The Salterton Trilogy: Tempest-tost; Leaven of Malice; A Mixture of Frailties

The Salterton Trilogy: Tempest-tost; Leaven of Malice; A Mixture of Frailties

Paperback

By (author) Robertson Davies

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  • Publisher: Penguin Books Ltd
  • Format: Paperback | 816 pages
  • Dimensions: 129mm x 198mm x 34mm | 554g
  • Publication date: 28 July 2011
  • Publication City/Country: London
  • ISBN 10: 0241952638
  • ISBN 13: 9780241952634
  • Sales rank: 187,299

Product description

In the small university town of Salterton, Ontario, dreams are quietly taking shape, or falling apart. There's the Salterton Little Theatre Company, in which professional director Valentine Rich is tormented by the amateurish efforts of his actors. The families Vambrace and Bridgetower almost go to war over a fake notice of engagement in the local paper. And a family fortune is lavished on an aspiring singer because there is no male heir to claim it. Tracing the lives and incidents of a small community in the middle of the last century, "The Salterton Trilogy" peels off the public veneer of geniality and respectability to reveal the private passions simmering beneath.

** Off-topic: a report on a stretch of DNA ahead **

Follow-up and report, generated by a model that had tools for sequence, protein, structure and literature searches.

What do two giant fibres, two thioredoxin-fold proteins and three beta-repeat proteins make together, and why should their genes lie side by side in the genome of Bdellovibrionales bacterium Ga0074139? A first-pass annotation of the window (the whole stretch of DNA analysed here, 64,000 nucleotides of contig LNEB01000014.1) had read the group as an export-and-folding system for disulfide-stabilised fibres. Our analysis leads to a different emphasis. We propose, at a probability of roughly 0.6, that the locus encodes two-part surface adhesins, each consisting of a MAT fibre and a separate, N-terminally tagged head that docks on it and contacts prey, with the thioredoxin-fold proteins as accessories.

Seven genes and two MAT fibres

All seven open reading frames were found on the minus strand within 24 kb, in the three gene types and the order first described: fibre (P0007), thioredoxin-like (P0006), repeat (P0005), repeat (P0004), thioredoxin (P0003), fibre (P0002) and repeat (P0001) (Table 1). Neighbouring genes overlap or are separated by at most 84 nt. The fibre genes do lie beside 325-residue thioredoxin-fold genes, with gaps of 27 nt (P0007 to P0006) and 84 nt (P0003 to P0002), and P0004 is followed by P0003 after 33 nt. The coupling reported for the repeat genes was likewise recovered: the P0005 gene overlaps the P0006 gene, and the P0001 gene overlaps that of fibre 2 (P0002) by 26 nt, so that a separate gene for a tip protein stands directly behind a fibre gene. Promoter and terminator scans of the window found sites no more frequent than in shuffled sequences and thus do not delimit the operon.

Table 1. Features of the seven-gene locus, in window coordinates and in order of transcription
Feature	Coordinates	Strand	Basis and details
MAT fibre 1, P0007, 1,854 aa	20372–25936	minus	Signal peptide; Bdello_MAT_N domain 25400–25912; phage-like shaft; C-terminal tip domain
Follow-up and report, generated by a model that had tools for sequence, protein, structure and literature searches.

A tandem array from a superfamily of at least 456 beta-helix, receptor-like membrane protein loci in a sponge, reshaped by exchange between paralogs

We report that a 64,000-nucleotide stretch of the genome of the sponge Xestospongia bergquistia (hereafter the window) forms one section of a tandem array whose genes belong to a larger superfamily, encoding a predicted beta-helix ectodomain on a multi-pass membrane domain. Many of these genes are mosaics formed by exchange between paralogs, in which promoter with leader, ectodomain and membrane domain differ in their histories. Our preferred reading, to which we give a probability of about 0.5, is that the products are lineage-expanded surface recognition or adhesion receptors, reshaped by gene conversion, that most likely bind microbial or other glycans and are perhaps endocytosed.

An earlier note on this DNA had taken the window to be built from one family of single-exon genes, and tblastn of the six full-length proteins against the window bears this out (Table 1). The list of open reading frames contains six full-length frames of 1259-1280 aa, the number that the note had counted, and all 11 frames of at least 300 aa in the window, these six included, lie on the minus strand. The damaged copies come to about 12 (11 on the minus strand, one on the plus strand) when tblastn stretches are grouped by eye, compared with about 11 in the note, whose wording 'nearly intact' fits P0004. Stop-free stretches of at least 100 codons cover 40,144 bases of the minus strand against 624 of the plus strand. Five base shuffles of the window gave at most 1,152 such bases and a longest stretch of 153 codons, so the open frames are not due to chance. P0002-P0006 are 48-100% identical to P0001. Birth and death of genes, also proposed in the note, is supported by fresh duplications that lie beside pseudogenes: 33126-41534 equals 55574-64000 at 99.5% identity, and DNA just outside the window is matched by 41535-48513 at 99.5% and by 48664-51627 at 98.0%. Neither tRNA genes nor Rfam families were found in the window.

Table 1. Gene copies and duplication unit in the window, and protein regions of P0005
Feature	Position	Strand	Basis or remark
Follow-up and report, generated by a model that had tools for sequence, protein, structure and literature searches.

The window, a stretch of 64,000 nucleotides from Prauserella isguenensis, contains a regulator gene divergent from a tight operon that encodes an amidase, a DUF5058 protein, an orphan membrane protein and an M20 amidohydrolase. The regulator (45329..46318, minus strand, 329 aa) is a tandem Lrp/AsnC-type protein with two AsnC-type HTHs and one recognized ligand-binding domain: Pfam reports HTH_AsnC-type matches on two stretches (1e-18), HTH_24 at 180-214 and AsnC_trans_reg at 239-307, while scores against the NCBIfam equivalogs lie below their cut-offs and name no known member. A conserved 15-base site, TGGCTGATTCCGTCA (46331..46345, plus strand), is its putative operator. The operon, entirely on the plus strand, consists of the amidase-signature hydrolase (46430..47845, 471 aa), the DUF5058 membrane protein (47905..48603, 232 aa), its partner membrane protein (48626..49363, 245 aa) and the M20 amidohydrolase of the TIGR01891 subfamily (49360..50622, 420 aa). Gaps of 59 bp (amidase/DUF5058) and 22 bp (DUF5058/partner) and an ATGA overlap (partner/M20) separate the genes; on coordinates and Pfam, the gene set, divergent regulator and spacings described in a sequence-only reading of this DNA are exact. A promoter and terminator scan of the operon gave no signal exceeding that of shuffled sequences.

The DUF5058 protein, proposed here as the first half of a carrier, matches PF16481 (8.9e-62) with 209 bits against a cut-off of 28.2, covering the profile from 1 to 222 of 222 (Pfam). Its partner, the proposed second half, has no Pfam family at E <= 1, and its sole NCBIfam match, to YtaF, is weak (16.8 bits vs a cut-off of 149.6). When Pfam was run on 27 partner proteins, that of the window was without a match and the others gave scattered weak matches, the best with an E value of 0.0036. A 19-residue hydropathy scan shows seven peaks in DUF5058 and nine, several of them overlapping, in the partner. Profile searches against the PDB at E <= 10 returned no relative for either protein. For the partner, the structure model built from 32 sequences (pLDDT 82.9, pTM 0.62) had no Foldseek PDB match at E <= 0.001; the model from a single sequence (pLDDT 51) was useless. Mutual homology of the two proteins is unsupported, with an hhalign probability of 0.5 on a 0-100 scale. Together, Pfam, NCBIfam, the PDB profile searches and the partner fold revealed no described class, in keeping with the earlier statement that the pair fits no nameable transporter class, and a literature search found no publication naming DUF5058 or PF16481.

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Author information

Robertson Davies was born in Thamesville, Ontario, in 1913. A novelist, playwright, literary critic and essayist, he received numerous awards for his work. It is as a writer of fiction that Robertson Davies achieved international recognition, with such books as The Salterton Trilogy (Tempest-Tost, Leaven of Malice and A Mixture of Frailties); The Deptford Trilogy (Fifth Business, The Manticore and World of Wonders); The Cornish Trilogy (The Rebel Angels, What's Bred in the Bone, shortlisted for the 1986 Booker Prize, and The Lyre of Orpheus); Murther & Walking Spirits, and The Cunning Man. Robertson Davies died in 1995.

Review quote

The kind of writer who makes you want to nag your friends until they read him so that they share the pleasure Observer Davies' books will be recognized with the very best works of the twentieth century New York Times Book Review Impudent, amused, and amusing, and sterling entertainment New York Times One of the great modern novelists -- Malcolm Bradbury Ingenuous, erudite and entertaining. Davies displays all the qualities of a latter-day Trollope -- Anthony Burgess Observer